Celebrate London's Female Pioneers With Senate House Library

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Celebrate London's Female Pioneers With Senate House Library

This is a sponsored article on behalf of Senate House Library.

Precious suffragette paraphernalia and first edition works by 60s feminist icons are just some of the inspirational items on display in a new, free exhibition.

Rights for Women: London's Pioneers in their Own Words at Senate House Library invites you to revel in the hard won victories of women who, from the late 18th century to the present day, used London as the platform for their groundbreaking work.

Hear the stories those who fought for equality in the spheres of politics, employment, education and reproductive rights.

Emmeline Pankhurst and other suffragette activists at their WSPU stall.

There's an absolute treasure trove of women's historical artefacts for you to explore, including a 1868 charter admitting the first nine women to a UK university (nice work, University of London), and a rare edition of Millicent Fawcett's memoir.

A letter on anti-slavery campaigning from Sophia De Morgan.

Keep an eye on Senate House's events calendar too. Alongside the exhibition from now until December, there are walking tours, film screenings, and debates for you to get involved in, including a chance to meet Sylvia Pankhurst's granddaughter, a pioneer in her own right.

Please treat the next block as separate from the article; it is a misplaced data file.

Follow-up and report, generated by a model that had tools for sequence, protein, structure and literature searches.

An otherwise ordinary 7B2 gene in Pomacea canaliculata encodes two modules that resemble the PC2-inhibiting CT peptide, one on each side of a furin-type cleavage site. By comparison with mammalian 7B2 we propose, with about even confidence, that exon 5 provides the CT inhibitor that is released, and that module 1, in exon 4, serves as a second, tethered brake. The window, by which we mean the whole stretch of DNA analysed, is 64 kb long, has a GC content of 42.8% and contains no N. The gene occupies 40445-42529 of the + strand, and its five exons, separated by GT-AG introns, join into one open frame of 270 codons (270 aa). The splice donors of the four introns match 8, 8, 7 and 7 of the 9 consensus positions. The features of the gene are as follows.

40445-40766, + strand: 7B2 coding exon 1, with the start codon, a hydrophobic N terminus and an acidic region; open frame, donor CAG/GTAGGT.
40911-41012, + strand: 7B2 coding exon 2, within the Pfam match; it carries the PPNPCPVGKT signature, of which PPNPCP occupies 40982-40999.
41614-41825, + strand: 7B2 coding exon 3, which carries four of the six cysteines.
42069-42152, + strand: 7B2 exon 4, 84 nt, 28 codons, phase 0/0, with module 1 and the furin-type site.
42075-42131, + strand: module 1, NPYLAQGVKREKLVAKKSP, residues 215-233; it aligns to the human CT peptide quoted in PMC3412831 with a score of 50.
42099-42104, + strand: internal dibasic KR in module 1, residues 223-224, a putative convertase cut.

But that's not all. Far from simply stepping back into the past, Senate House wants your help shaping the legacies of pioneering women — past, present and future.

They've curated Her Story, a digital collection of thoughts and works that influenced the contemporary female leaders who helped develop the exhibition, including Stella Dadzie, Amrit Wilson and Naomi Paxton. And now they're looking for your contributions.

Click here, or use the hashtags #RfW18 #RememberHer on social media and share:

  • Inspirational female-penned books
  • The woman you most admire from history
  • The woman you most admire today
  • The women's issue you're most concerned with
  • Your hopes for the next generation of women
Amrit Wilson helped shape the exhibition.

So, for a first-hand look at all the hard graft that went into both the famous and unsung victories achieved by London's women, get yourself down to Bloomsbury. There's over two centuries worth of inspiration for you to explore.

Rights for Women: London's Pioneers in their Own Words runs from 16 July-15 December 2018 at Senate House Library in Bloomsbury. The exhibition is completely free, and there's no need to book.

Last Updated 08 August 2018